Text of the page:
10 Brands With Huge Credibility Issues In 2013

21st Century Insurance man21st Century’s parent company, AIG, needs to clean up its tarnished image this year, which will be no small feat.

Photo: 2st Century

It’s no secret that brands like Coca-Cola, Apple, and Google had a great 2012 and are poised for an even greater 2013. Not all companies are held in such high regard going into the new year, though.We talked to CoreBrand, which measures the familiarity and favorability of 1,000 corporate brands across 54 industries in the U.S., to see which companies will have an especially tough year. 

CoreBrand conducts 10,000 phone surveys of business leaders every year, asking them about corporate reputations based on favorability, overall reputation, perception of management, and investment potential. It then assigns them a score out of 100 and combines the scores for measured familiarity and favorability. 

Some companies it flagged for credibility issues, like insurance giant AIG, did not surprise us. But a few other companies hadn’t initially crossed our minds as candidates.

Jim Gregory, founder and CEO of CoreBrand, laid out the 10 brands he and his company see as the ones who will face the most credibility issues in 2013, and the reasons why each of them will have a challenging year. He declined to call them “troubled,” but given the marketing challenges they face, we’re confident that each of them has their fair share of obstacles ahead of them this year.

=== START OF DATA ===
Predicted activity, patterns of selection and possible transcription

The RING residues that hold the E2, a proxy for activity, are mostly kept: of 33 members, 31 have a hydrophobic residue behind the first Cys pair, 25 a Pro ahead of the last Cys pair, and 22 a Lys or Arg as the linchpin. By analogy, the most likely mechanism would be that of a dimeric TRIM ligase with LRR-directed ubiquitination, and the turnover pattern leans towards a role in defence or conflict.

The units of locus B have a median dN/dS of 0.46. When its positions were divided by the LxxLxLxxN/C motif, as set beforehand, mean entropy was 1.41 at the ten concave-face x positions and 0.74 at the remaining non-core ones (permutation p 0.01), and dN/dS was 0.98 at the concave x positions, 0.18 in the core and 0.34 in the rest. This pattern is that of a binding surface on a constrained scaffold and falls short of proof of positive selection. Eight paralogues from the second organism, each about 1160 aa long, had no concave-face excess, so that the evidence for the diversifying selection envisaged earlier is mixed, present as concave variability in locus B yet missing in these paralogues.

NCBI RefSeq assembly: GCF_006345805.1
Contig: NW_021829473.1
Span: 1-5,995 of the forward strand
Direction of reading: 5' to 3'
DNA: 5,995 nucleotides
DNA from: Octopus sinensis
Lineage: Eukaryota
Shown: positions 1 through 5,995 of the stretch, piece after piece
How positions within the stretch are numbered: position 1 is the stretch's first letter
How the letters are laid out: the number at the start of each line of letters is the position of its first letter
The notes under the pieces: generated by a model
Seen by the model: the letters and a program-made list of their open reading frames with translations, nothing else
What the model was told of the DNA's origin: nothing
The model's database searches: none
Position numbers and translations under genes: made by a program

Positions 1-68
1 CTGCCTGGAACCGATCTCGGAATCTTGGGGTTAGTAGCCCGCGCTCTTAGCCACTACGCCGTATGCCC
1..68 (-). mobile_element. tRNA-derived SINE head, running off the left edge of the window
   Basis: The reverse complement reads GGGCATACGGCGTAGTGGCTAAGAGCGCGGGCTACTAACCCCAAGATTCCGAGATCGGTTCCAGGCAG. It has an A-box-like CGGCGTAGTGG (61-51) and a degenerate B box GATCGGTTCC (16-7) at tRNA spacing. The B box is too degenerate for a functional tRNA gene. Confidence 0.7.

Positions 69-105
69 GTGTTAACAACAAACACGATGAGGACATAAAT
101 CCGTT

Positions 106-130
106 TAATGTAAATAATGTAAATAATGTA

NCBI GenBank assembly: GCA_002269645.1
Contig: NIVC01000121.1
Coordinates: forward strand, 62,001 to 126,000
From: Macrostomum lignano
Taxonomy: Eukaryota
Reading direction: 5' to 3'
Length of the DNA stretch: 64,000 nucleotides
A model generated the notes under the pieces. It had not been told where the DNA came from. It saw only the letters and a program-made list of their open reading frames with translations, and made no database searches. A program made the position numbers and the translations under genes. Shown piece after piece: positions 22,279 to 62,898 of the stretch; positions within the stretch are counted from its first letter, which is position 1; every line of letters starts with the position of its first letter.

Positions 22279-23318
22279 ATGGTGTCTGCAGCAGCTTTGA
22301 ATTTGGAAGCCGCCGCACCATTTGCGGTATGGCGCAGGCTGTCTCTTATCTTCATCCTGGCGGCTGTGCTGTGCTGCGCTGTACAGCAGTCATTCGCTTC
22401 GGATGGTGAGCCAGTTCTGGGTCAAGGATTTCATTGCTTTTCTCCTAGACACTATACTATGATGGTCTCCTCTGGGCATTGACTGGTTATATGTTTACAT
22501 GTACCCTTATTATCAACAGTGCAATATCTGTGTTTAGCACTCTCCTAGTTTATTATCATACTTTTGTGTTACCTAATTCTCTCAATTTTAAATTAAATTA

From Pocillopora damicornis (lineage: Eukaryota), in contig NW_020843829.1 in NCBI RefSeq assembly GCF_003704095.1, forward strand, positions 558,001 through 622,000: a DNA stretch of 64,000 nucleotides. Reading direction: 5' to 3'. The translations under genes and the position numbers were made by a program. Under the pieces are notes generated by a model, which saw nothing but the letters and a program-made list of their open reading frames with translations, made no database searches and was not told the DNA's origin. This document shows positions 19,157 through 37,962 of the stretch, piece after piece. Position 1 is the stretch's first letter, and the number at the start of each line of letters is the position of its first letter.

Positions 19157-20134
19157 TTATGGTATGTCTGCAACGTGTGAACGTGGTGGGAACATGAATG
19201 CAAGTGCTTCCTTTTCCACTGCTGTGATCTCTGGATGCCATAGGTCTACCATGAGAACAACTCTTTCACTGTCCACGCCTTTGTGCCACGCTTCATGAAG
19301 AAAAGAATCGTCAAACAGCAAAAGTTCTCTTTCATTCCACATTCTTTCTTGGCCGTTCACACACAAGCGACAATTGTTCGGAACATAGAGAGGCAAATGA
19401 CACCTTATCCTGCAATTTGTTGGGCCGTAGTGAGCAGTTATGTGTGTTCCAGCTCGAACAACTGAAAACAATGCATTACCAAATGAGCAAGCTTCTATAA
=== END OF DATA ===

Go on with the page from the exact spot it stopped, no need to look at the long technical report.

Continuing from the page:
The companies are ranked according to the BrandPower ranking CoreBrand has calculated for the brands. BrandPower measures size (familiarity) and quality (favorability). Familiarity is a weighted percentage of survey respondents who know more about a brand than just the company’s name. Those familiar with a corporation are then asked about the brand’s favorability dimensions.

General Electric: 69.4

'GE got pounded in the 2009 financial crisis because the company was so heavily invested in its financial arm, GE Capital,' according to CoreBrand. 'Since then it has gone through considerable effort to rebuild its base in industrial manufacturing, such as aircraft engines. Despite still carrying heavy debt loads, the company is making strategic acquisitions.'

GE was featured on our list of the best brands on Instagram. 'GE is a very marketing savvy company,' said Gregory. 'I have no doubt they will try to be as exciting as they possibly can be.' Gregory sees social media as a way for GE to communicate its strategic vision. 'Social media can be as good a form of communication as an ad in the Wall Street Journal.'